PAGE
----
Balloon Mortgage

Balloon Mortgage – Definition

A balloon mortgage is a loan type where the borrower makes a fixed monthly payment for a fixed amount of time ranging from 5 to 15 years, and then is required to payoff outstanding principal balance on the home with a lump sum payment.  A balloon mortage uses a 30 year amortization table; however, the interest rate will be lower with the balloon simply due to the fact that the lender is assuming less interest rate risk with a loan that spans 30 years.

Homeowners sometimes opt for this type of loan in anticipation of a large settlement or inheritance; however, those that do not can sometimes can enter into a risky situation.  If the loan does not get paid down, it will be refinanced with a new product and terms; however, a problem may arise in the future if the borrowers credit quality has dropped significantly or if home prices take a dive.  In the latter case, the borrower may be attempting to refinance the home with a LTV ratio of over 100%.  Rates may be extremely unfavorable in this situation and payments could drastically jump.

Balloon Mortgage Vs. ARM

A balloon mortgage is similar in theory to an adjustable rate mortgage; they both have a fixed rate period followed by an adjustment.  Assuming that the borrower refinances their mortgage, the balloon and ARM carry similar interest rate risks after the initial period.  While a balloon payment may be lower than a comparable termed ARM, the interest rate risk is large if interest rates rise dramatically.  ARMs have built in caps, or ceilings that limit how high interest rates move regardless of how high they actually are.  Conversely, balloon mortages will make the borrower refinance at the prevailing market rate, regardless of what it is.  When refinancing in a high rate enviroment, borrowers may no longer qualify for a loan if the payment jumps dramatically.  Additionally, there are costs associated with refinancing a home, the ARM will not incur this cost while the Balloon will.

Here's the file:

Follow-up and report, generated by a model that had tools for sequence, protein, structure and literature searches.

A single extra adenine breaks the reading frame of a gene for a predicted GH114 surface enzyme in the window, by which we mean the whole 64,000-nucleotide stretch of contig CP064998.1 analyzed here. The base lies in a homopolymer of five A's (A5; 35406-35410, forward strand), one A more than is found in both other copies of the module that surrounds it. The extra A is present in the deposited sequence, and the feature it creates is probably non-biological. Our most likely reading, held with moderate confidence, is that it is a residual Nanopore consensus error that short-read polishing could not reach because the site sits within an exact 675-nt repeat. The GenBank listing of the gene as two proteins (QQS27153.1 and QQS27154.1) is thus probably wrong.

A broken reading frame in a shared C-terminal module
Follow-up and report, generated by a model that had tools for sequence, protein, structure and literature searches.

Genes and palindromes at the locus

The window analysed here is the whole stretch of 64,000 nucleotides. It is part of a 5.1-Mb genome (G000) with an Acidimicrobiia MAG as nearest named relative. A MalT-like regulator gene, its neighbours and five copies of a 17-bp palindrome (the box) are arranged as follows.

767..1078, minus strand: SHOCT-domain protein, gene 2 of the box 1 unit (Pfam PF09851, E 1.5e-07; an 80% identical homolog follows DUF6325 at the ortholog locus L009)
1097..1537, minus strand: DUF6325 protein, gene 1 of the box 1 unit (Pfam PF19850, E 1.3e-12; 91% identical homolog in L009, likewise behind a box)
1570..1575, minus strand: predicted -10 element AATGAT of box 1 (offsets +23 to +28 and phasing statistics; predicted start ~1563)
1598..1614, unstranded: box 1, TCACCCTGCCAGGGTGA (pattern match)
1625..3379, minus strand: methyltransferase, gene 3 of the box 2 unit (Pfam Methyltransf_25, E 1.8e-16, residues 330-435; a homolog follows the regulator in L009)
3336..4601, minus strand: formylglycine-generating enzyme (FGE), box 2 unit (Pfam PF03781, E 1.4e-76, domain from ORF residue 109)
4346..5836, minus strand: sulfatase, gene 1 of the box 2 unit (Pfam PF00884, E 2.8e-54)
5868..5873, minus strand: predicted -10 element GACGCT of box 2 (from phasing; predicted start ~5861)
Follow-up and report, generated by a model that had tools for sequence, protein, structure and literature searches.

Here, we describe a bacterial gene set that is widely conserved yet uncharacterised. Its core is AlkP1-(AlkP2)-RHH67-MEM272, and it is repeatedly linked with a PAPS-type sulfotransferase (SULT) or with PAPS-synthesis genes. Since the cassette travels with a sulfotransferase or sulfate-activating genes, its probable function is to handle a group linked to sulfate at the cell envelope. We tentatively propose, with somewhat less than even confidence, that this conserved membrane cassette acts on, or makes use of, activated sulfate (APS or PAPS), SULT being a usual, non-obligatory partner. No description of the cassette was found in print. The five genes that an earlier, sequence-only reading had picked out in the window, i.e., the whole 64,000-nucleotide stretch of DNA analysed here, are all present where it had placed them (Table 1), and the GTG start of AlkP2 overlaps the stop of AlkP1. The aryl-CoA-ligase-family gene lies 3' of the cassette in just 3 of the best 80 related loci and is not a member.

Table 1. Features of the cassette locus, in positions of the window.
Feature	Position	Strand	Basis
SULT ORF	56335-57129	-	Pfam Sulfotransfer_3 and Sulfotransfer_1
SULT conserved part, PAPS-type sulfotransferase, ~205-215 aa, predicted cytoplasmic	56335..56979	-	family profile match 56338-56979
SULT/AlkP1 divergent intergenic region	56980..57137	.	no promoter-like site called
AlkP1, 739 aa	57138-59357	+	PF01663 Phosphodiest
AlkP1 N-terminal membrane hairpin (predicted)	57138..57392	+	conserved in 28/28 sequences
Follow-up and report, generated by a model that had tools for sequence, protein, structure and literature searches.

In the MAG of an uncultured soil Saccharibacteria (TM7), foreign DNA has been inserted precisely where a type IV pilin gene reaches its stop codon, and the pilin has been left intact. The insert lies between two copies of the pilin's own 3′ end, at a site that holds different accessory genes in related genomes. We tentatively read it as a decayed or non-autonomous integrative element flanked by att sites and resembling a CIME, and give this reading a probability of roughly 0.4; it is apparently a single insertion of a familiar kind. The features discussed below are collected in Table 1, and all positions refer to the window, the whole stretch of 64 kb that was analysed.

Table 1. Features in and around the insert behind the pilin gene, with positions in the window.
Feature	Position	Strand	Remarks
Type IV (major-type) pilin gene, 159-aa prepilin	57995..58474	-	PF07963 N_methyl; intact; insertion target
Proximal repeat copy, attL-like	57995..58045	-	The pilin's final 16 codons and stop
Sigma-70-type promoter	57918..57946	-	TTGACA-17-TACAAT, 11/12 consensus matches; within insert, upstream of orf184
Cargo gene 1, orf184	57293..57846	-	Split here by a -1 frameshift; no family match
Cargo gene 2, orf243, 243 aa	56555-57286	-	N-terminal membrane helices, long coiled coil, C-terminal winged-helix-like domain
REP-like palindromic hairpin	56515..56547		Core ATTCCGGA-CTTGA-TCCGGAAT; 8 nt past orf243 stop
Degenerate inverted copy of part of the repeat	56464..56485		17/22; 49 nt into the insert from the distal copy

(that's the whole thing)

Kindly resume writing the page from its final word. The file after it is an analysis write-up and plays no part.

In conclusion, be very careful and understand the risky nature of entering into a balloon mortgage.  In most cases, it is not advantageous for the borrower to do so primarily due to the risk that is associated to it once the borrower will need to refinance.  If you do not have the cash and you are not able to refinance, you will be forced to sell the house or foreclose on it.


Tim Ord
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